• Impact of a White Grub (Phyllophaga crinita) on a Shortgrass Community and Evaluation of Selected Rehabilitation Practices

      Ueckert, D. N. (Society for Range Management, 1979-11-01)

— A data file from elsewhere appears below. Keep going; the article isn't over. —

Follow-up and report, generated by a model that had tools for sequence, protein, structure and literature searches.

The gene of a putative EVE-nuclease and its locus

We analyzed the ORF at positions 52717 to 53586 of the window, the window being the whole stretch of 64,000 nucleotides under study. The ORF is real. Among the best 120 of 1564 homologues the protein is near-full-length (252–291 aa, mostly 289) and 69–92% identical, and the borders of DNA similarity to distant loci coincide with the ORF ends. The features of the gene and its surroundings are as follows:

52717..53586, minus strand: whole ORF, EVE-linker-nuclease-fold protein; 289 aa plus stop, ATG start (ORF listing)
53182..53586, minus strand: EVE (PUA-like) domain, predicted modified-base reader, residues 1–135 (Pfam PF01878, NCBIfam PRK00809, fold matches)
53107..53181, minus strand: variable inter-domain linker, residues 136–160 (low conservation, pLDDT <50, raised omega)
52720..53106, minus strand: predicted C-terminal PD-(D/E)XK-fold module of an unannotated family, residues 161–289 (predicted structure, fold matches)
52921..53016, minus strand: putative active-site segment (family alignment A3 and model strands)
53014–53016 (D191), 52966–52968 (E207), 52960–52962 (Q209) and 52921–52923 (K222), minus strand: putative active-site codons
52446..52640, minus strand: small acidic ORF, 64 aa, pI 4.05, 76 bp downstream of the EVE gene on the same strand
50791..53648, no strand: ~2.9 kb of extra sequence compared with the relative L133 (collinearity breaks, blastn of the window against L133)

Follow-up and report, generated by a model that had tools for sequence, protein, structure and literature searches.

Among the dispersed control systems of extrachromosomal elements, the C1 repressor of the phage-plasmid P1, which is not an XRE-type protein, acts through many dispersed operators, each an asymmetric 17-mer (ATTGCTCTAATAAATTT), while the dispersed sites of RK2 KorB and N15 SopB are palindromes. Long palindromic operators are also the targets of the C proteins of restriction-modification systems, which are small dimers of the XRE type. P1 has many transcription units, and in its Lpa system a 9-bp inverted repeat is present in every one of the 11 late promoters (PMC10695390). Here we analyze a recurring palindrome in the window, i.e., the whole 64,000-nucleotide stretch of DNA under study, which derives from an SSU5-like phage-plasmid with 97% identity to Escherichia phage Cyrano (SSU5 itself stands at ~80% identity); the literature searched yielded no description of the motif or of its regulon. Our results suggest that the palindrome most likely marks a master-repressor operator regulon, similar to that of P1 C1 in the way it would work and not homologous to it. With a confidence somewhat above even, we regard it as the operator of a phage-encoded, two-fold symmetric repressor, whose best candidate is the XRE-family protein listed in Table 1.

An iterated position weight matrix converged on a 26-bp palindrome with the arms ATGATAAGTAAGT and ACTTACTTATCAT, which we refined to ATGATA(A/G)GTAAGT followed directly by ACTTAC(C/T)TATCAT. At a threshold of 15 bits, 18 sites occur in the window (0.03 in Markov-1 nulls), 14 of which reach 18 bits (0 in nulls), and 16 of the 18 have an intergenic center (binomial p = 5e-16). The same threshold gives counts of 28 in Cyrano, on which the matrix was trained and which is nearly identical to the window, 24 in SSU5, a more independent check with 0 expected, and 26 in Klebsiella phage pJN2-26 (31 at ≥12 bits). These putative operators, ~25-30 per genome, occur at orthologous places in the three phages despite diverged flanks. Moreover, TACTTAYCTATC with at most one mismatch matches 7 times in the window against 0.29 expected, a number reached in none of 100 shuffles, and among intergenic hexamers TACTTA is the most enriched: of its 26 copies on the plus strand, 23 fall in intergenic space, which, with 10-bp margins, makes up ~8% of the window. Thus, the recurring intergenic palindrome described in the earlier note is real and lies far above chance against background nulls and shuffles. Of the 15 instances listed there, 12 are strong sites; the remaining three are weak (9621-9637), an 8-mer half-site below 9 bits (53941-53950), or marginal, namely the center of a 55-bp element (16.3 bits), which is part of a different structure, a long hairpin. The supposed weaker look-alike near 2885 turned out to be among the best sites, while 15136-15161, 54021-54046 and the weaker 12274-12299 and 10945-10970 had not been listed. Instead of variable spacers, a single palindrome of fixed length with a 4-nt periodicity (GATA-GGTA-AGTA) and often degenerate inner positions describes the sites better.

During the spring of 1973, white grubs, Phyllophaga crinita (Burm.), at a density of $46.3/{\rm m}^{2}$, reduced cover of perennial grasses by 88% in localized areas of a shortgrass community in Scurry County, Texas. Forbs and broom snakeweed were not affected. Chlordane applied to the soil surface at 3.36 kg/ha did not control white grubs. Chlordane, nitrogen fertilization (112 kg/ha of N), and a combination of the insecticide-fertilization treatments did not appreciably enhance rehabilitation of white grub-denuded rangeland. Seeding with introduced grasses was not successful because of inadequate precipitation, heavy grazing by lagomorphs on the small areas, and competitive effects of buffalograss. Forbs and broom snakeweed were not important in the early seral stages of secondary succession on the study site, but common broomweed and common sunflower were dominants on other denuded sites in the area. Most plant species had recovered by the end of the second growing season without fencing to control livestock grazing.